Let’s consider the statement "smoking two packs of cigarettes is bad." This, of course, was discovered. It wasn’t posited by God and told to Moses. Nor was it posited by government. It was discovered. Such excessive smoking harms health and threatens one’s life.
The problem here is that this statement confuses principles of health (which we sometimes call "laws") with moral law, or morality. And, sure, smoking is deleterious to your health, but who is to say this is "bad" in a moral sense? After all, misanthropes and zero-population-growth types may say that it's a good thing if the human race is reduced as much as possible. And this is no joke; as you know, there is no shortage of leftists who actually believe man is a pox upon the planet.
So, again, who is to say it's wrong? You? Me? The leftist misanthropes will say, "You're only people just like us, and we have our own values. Don't impose your values on me."
You also say, "Now let’s assert that the institution of private property is good."
Whoa there, Nellie! That's quite a leap. Marx could just as easily say, "Now let’s assert that the elimination of private property is good." Of course, both statements are simply suppositions, assertions that those who espouse them may want us to accept as an axiom (a self-evident truth that needs no further proof), but note that something said to be self-evident and that need not be proven is a matter of faith, not fact.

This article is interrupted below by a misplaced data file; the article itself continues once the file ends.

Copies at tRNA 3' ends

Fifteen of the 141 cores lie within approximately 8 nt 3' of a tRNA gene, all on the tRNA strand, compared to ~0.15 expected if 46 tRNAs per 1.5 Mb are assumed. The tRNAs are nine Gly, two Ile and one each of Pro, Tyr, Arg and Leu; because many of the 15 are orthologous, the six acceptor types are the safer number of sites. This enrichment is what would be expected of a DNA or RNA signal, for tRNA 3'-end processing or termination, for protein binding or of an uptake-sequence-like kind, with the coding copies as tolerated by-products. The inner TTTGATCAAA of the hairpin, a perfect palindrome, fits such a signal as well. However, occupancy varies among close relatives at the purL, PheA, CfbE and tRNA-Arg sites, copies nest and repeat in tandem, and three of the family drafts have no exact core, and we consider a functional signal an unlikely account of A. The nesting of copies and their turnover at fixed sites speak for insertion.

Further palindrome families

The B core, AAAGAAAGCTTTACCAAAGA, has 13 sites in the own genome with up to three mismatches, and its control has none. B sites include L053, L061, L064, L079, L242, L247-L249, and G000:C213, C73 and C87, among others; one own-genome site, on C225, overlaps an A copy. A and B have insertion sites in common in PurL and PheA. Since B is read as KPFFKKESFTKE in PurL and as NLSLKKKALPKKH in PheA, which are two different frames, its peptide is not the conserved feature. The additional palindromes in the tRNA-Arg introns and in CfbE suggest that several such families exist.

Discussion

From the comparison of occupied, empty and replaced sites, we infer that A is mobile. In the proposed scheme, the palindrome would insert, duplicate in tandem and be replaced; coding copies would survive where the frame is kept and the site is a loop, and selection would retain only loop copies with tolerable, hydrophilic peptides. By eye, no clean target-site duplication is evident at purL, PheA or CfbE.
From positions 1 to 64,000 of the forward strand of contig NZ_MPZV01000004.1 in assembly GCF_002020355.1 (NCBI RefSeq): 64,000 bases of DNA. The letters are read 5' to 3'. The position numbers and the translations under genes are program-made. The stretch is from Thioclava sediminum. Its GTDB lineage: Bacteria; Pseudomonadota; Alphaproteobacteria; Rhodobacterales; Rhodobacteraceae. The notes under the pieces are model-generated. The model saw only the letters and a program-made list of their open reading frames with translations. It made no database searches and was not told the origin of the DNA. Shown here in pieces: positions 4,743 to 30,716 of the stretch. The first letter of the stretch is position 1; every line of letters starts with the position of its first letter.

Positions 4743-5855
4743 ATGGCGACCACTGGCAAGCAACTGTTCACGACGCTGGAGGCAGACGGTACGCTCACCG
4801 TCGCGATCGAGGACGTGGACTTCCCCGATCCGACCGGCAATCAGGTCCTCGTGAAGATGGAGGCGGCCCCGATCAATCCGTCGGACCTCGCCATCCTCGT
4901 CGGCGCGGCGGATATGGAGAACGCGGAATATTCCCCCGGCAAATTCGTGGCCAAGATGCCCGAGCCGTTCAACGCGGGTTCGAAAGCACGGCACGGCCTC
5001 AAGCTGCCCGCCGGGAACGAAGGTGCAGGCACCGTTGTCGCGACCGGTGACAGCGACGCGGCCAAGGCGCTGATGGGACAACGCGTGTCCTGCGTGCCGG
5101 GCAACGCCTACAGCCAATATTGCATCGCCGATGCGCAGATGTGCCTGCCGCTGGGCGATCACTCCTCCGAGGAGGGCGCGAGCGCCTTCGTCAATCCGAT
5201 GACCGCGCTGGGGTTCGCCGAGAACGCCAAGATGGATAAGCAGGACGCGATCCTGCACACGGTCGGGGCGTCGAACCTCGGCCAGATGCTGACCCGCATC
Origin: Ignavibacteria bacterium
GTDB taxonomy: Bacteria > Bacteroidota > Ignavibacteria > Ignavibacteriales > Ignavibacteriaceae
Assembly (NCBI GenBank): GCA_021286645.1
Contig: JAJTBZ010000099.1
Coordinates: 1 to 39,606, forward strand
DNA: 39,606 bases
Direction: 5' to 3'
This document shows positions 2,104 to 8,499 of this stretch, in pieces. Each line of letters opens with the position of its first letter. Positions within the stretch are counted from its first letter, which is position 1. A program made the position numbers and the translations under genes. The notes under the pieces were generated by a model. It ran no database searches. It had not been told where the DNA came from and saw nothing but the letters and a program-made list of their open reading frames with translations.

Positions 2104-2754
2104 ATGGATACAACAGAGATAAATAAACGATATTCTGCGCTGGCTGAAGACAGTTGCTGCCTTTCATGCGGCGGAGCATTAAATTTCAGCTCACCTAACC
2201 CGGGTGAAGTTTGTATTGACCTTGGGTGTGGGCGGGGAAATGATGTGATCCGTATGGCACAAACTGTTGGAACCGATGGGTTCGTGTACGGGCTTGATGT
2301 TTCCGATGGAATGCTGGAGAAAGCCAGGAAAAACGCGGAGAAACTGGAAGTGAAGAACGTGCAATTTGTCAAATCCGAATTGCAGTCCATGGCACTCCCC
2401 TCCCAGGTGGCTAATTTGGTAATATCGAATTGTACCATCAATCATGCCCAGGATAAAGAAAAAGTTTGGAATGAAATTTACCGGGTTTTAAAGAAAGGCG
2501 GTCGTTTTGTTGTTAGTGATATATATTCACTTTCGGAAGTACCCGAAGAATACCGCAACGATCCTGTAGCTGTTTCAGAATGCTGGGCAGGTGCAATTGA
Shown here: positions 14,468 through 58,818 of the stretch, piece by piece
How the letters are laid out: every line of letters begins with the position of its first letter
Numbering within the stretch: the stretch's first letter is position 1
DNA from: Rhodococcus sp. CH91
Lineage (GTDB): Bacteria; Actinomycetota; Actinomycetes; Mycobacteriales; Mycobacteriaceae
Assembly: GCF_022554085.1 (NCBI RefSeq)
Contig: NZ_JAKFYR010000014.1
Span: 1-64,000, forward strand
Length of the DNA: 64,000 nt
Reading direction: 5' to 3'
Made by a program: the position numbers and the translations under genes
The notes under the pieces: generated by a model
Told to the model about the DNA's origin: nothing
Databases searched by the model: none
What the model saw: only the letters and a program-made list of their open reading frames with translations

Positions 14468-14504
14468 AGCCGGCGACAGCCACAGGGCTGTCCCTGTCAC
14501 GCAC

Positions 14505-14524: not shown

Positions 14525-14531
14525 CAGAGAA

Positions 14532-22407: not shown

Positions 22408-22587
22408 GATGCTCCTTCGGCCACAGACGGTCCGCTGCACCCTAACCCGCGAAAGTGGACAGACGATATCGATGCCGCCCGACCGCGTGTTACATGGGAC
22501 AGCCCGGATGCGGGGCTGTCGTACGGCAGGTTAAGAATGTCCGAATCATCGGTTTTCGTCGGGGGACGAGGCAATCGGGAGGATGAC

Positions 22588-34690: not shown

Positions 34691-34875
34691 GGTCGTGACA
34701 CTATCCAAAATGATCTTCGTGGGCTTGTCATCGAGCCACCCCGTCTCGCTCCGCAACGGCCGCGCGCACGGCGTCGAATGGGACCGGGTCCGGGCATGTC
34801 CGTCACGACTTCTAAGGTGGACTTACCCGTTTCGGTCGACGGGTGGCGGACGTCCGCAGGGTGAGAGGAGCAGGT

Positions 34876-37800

Don't misunderstand me. I agree that your supposition is a truth, but that isn't the discussion here; rather, at issue is the definition of moral truth and what kind of philosophical universe is necessary for the concept of "truth" to make sense. This is an epistemological discussion.
So back to your assertion. In attempting to prove that private property is a "good," you may say that it's necessary for production. But someone could come back with, "Prove that is a good." And you could go around in circles in this debate because no moral principle can be proven scientifically. Again, remember that if someone doesn't appreciate man's existence, he won't agree that something that facilitates that existence is a "good." His perspective is different.